A Summer Stimulus Package

By Hannah Wallace June 30, 2008

Summertime in America contradicts the views held by many Europeans that we’re overachievers with too much work ethic and too little savoring of life’s pleasures. With more Europeans coming to our shores for their holidays, they might get to see our other side. We do know how to eschew “all work and no play.”  Not wanting to become “dull boys” (and girls) may not be our motive, but it is a worthy benefit. We’re simply exhausted and want to get away from our routines. We want to play, and we need to relax. If we are as good at vacationing as we are at work, we’ll also develop fresh perspectives on everything—including our work—which may help us become better at what we do the rest of the year.

In New York, where the pace is most intense, many leave Manhattan on Thursday afternoons for long summer weekends in the Hamptons, Berkshires and Jersey Shore. (The escapes used to begin on Friday afternoons.) Beating the traffic to have more time to lay back in shorts and flip-flops is as serious a commitment as beating last year’s sales figures during these holiday-like months.

Our current bi-county summer breather is especially welcome after a rough six months preceded by a challenging 2007. So here’s an idea that can help us secure more balance and smiles in our lives that in turn might make us more productive and, at the same time, provide a needed stimulus to our local economy. Forego that increasingly expensive trip to other countries, states or counties, and stay home. Not home-home, but here in Sarasota and Manatee, just not in our houses. How many times have we wished we could be a tourist slowly walking our beaches on a Monday or having a late lunch with a bottle of fine wine or leisurely enjoying a late dinner on a weekday night at one of our best restaurants? Or spending Tuesday afternoon at the Ringling Museum, chartering a fishing boat on Wednesday or playing a relaxed round of golf on Thursday?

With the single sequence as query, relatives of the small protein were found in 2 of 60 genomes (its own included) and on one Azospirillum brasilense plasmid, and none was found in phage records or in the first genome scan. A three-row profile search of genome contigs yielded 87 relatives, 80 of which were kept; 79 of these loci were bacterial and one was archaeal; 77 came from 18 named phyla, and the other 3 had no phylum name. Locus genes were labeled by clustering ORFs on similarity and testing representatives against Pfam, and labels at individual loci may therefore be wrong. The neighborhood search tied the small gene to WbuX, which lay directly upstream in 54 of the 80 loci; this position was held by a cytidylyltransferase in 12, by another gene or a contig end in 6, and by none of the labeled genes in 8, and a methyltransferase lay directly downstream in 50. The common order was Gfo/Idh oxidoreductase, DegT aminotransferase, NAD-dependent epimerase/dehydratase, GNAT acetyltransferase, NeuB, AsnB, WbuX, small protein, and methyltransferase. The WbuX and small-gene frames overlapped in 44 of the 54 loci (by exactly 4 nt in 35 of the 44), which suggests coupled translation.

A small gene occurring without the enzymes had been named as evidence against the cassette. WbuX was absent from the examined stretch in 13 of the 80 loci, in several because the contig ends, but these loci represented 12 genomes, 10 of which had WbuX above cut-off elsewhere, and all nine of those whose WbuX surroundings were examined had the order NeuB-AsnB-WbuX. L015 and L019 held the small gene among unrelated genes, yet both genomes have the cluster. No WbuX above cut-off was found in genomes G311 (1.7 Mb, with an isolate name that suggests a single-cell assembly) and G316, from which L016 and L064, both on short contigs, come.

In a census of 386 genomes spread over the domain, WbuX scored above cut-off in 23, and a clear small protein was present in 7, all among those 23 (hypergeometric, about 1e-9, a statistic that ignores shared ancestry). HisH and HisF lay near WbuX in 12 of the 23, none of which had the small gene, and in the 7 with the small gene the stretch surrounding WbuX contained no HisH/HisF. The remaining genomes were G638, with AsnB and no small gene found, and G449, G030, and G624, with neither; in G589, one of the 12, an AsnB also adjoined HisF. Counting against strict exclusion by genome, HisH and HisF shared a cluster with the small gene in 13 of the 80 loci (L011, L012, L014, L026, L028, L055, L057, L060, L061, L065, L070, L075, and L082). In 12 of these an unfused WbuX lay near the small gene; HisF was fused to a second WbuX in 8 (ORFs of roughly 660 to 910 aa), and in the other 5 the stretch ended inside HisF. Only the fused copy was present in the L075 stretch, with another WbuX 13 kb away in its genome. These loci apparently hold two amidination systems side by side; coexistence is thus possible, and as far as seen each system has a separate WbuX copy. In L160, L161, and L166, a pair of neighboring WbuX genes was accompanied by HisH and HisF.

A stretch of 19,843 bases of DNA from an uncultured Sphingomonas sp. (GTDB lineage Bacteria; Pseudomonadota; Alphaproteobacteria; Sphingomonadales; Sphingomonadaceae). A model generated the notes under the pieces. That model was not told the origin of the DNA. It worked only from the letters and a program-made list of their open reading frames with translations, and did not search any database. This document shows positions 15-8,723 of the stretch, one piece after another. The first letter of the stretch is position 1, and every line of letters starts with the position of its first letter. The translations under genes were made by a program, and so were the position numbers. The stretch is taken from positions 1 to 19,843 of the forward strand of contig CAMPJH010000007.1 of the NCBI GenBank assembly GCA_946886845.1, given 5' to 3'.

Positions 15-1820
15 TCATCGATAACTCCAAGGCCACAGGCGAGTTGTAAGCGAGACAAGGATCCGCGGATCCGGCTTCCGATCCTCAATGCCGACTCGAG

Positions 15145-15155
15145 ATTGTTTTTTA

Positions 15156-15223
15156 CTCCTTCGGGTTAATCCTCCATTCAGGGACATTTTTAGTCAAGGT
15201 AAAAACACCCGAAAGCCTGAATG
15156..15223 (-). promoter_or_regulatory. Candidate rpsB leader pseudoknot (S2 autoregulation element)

With gas prices and the value of our dollar at ridiculous levels, vacationing in our own backyard makes a lot of sense. Reduced summer rates at our local hotels and resorts allow us to comfortably unwind close to home and cherry pick from our attractive vacation resources. And with all that we’ll be saving by not traveling, we can treat ourselves to some new fashion items and maybe a piece of jewelry and even some home furnishings we can fondly remember as bought on our memorable backyard vacation—which also helped our troubled local economy.

And let’s leave our BlackBerries at home.

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